Fast Company magazine cites Norwich President Dr. Mark Anarumo’s dorm stay as important act of leadership
Norwich President Dr. Mark Anarumo is spending this week (and maybe longer) among students in Dalrymple Hall, just as he spent a week in Wilson Hall earlier this semester. Both times, he stayed for leadership; he wanted to live the dorm life to better understand students’ needs, physical and emotional, and ensure they were met.
Anarumo’s Wilson stay drew media coverage regionally (Burlington, Vermont, stations WVNY-TV/WFFF-TV and WPTZ-TV, Boston-based New England Cable News, for television; The Associated Press and Seven Days for print) and nationally (Anderson Cooper’s “Full Circle” online for broadcast, the “EdSurge Podcast” for audio and The New York Times for print).
On Tuesday, Fast Company magazine, which covers business, added to the national coverage, citing Anarumo’s Wilson Hall stay in a story about pandemic executive action. The story’s headline read, “Feel like you’re stretched thin? Here’s how to be more intentional as a leader.”
The business magazine Fast Company cited President Dr. Mark Anarumo’s Wilson Hall stay as an act of empathetic ledership.
The article, by business psychologist Camille Preston, who founded Cambridge, Massachusetts, executive coaching company AIM Leadership, said leaders have sometimes sent conflicting signals for handling COVID-19 operations. Abstract-perspective articles in the Harvard Business Review called first for a slow approach and then for quick, decisive action.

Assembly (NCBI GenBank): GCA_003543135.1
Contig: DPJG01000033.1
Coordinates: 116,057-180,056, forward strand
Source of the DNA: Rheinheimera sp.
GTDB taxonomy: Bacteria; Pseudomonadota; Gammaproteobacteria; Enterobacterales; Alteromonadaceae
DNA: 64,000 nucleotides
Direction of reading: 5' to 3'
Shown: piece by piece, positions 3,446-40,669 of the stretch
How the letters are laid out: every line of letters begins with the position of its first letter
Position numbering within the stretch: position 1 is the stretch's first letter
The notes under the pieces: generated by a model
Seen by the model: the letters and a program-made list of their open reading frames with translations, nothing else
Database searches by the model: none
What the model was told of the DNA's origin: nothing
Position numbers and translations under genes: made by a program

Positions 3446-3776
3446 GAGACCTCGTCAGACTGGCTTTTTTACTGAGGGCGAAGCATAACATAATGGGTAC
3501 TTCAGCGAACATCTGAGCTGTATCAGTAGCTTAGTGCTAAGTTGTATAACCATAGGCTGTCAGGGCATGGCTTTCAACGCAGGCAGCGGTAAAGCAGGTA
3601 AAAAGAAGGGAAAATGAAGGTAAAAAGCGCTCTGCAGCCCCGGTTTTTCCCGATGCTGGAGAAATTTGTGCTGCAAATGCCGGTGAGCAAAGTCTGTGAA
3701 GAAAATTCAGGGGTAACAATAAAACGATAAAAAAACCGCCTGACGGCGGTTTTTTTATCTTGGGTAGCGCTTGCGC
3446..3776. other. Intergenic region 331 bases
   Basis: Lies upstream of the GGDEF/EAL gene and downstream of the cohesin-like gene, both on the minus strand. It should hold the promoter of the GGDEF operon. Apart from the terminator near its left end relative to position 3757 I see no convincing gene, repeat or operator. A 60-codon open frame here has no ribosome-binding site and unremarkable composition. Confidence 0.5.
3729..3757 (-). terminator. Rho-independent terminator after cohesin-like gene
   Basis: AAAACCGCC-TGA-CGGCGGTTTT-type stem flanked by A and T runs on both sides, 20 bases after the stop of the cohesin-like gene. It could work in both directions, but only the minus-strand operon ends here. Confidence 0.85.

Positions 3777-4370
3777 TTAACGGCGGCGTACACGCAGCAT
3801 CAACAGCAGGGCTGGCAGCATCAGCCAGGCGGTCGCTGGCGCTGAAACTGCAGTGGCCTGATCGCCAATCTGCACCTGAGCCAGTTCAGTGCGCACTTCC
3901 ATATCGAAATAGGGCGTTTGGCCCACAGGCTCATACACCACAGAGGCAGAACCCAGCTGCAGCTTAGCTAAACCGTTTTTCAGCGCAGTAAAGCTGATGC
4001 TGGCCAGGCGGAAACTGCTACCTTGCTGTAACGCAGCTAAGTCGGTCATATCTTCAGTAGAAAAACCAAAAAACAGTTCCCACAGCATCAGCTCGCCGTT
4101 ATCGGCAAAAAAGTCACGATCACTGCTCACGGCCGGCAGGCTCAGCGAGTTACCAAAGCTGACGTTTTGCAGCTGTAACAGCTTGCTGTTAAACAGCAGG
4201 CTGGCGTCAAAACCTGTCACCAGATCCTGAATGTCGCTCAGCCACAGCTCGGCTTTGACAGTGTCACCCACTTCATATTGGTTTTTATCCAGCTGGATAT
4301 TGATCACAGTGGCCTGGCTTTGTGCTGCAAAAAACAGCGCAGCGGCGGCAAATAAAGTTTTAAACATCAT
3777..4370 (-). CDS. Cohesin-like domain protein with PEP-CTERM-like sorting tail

However, Preston suggested experience offered perhaps the best perspective for empathetic action. Anarumo said his five January days in Wilson, a Corps of Cadets barracks, during in-room quarantine after COVID-19 positive cases spiked (at one point touching 80), helped him better respond to his students’ struggles.
“(The) students were, in turn, touched by his extraordinary act of empathy,” Preston wrote. “If they had any doubt, they now trusted that he understood them and was even willing to walk in their shoes.”
Anarumo expressed empathy and gratitude Wednesday in his Update from the Hill video. He thanked Norwich’s community, including its nursing faculty and the Center for Civic Engagement, for keeping the testing center at Plumley Armory running and containing the virus all semester.
As of Tuesday, he said, Norwich had administered more than 24,500 COVID-19 tests since Jan. 14, and campus had two COVID-19 positives, one isolated on campus, one off-campus.
“There’s a lot of people to thank for that level of effort,” Anarumo said. “I’m grateful for everyone who has kept our testing going so well. It is a national standard and incredibly well done. So, thank you.”
Preston wrote that leaders will probably have to work to better understand their constituencies’ day-to-day challenges, as Anarumo has, as they steer out of the pandemic. This may require juggling duties, and will surely require preparation, enthusiasm and intention.
“Authentic displays of vulnerability can be a powerful way to connect with one’s team members. But if your ability to show up wearing this hat compromises your ability to lead on other levels, it may be time to scale back,” she wrote. “As a business psychologist who works with leaders across industries, I appreciate the ethical impulse to do it all. As someone who has witnessed the consequences of leaders juggling multiple and conflicting roles, I also appreciate the need for balance.”
Join the conversation on Twitter @NorwichNews #NorwichTogether #NorwichForever #NorwichServes
- Campus life at Norwich University
- Accelerated BSN and Master of Science in Nursing at Norwich University
- Norwich University School of Nursing
- How do you explain that? (And other questions ... )
- ‘You exemplified America’s very best in an airman.’
- Norwich professors earn Vermont Biomedical Research Network research grants